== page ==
ABERDEEN, Wash. - The brig Lady Washington, the Official Ship of the State of Washington, and her companion ship, Hawaiian Chieftain, will escort more than 100 tribal canoes down the Pacific Coast starting Friday, July 26 from Neah Bay. The ships, in cooperation with the Olympic Coast National Marine Sanctuary and the Quinault Indian Nation, are participating in the "Paddle to Quinault 2013" event, scheduled for July 26 to August 1. The vessels were invited by the Quinault Nation to escort ocean-going canoes from First Nations communities in Washington and British Columbia as they travel along the open coast of the National Marine Sanctuary from Neah Bay to Taholah.
Media are invited to observe the vessels and canoes while they are anchored off the Pacific Coast in Neah Bay, the Ozette River, La Push, the Hoh River, the Queets River, and the Quinault River. Reporters and producers may be able to visit the ships by making prior arrangements.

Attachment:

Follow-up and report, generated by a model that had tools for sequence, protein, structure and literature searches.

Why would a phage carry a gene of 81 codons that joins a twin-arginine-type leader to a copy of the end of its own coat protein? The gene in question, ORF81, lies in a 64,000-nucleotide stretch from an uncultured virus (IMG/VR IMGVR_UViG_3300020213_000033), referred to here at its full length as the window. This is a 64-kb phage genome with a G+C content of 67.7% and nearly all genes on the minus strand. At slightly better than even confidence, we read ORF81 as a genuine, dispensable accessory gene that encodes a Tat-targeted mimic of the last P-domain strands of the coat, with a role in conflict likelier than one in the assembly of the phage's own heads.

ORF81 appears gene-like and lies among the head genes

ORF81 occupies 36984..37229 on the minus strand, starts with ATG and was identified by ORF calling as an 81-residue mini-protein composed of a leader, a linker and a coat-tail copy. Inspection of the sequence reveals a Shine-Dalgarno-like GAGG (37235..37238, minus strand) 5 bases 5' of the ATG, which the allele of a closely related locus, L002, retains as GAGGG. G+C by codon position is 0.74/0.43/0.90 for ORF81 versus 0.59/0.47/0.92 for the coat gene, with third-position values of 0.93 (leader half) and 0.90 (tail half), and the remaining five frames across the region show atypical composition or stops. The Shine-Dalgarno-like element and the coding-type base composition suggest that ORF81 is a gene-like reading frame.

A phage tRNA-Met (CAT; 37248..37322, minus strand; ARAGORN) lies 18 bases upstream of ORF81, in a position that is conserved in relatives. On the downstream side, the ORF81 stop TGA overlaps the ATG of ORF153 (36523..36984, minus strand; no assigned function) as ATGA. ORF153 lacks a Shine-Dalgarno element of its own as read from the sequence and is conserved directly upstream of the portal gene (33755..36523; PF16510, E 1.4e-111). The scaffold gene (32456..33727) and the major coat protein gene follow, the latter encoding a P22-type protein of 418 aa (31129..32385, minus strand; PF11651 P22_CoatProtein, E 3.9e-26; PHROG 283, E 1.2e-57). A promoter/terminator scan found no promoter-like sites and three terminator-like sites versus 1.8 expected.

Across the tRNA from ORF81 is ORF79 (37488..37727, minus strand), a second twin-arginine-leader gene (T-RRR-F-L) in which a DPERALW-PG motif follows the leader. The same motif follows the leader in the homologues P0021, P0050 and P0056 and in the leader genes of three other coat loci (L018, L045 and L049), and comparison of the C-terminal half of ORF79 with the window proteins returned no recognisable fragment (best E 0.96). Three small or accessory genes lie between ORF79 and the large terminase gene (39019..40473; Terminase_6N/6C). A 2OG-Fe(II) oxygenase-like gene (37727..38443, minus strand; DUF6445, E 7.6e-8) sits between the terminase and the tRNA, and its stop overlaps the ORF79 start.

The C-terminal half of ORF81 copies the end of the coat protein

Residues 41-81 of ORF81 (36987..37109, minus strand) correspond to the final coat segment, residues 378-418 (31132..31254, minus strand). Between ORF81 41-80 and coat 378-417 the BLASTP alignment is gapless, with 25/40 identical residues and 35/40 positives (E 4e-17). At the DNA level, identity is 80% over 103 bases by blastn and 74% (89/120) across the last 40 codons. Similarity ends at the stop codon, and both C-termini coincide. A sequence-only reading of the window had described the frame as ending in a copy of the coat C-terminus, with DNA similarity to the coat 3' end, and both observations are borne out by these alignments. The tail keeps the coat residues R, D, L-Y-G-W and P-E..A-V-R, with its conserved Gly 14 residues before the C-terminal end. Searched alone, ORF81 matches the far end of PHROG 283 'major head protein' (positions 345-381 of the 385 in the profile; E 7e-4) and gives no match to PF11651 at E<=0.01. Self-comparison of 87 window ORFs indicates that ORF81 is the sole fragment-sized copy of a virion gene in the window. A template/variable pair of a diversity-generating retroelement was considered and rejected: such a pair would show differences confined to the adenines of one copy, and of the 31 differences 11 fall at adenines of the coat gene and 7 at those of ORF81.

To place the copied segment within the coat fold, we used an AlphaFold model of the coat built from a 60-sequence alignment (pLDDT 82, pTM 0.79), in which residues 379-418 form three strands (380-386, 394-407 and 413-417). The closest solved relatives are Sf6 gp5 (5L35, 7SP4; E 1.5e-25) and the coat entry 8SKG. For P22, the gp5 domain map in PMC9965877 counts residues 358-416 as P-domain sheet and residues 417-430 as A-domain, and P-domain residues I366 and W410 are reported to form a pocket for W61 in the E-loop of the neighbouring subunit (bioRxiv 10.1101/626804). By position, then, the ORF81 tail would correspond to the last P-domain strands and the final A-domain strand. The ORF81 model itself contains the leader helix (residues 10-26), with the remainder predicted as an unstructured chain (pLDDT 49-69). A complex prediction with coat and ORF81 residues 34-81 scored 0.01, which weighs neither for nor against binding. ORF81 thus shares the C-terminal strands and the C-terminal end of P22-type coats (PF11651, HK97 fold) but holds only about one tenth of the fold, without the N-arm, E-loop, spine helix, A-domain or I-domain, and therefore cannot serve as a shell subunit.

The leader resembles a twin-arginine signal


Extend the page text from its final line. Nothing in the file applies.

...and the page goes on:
2013 marks the 225th anniversary of the first contact between the newly independent United States and the rich coastal cultures of the Pacific Northwest. For Paddle to Quinault 2013, Lady Washington and Hawaiian Chieftain will provide on-the-water safety and logistical support for all event participants. The organizations will also document the event to encourage other cross-cultural efforts. More info about Paddle to Quinault is available at www.paddletoquinault.org.
Launched in 1989 as part of the Washington Centennial, the Lady Washington is a wooden replica of one of the first U.S.-flagged ships to visit the west coast of North America. In 1788, the original Lady Washington arrived off the coast of what would later become Oregon to trade with native people for furs. She also traded along the coast of Vancouver Island before returning to Boston. Hawaiian Chieftain, launched in 1988, is an interpretation of a typical early 19th century coastal trader. Hawaiian Chieftain specializes in living history educational program for K-12 students.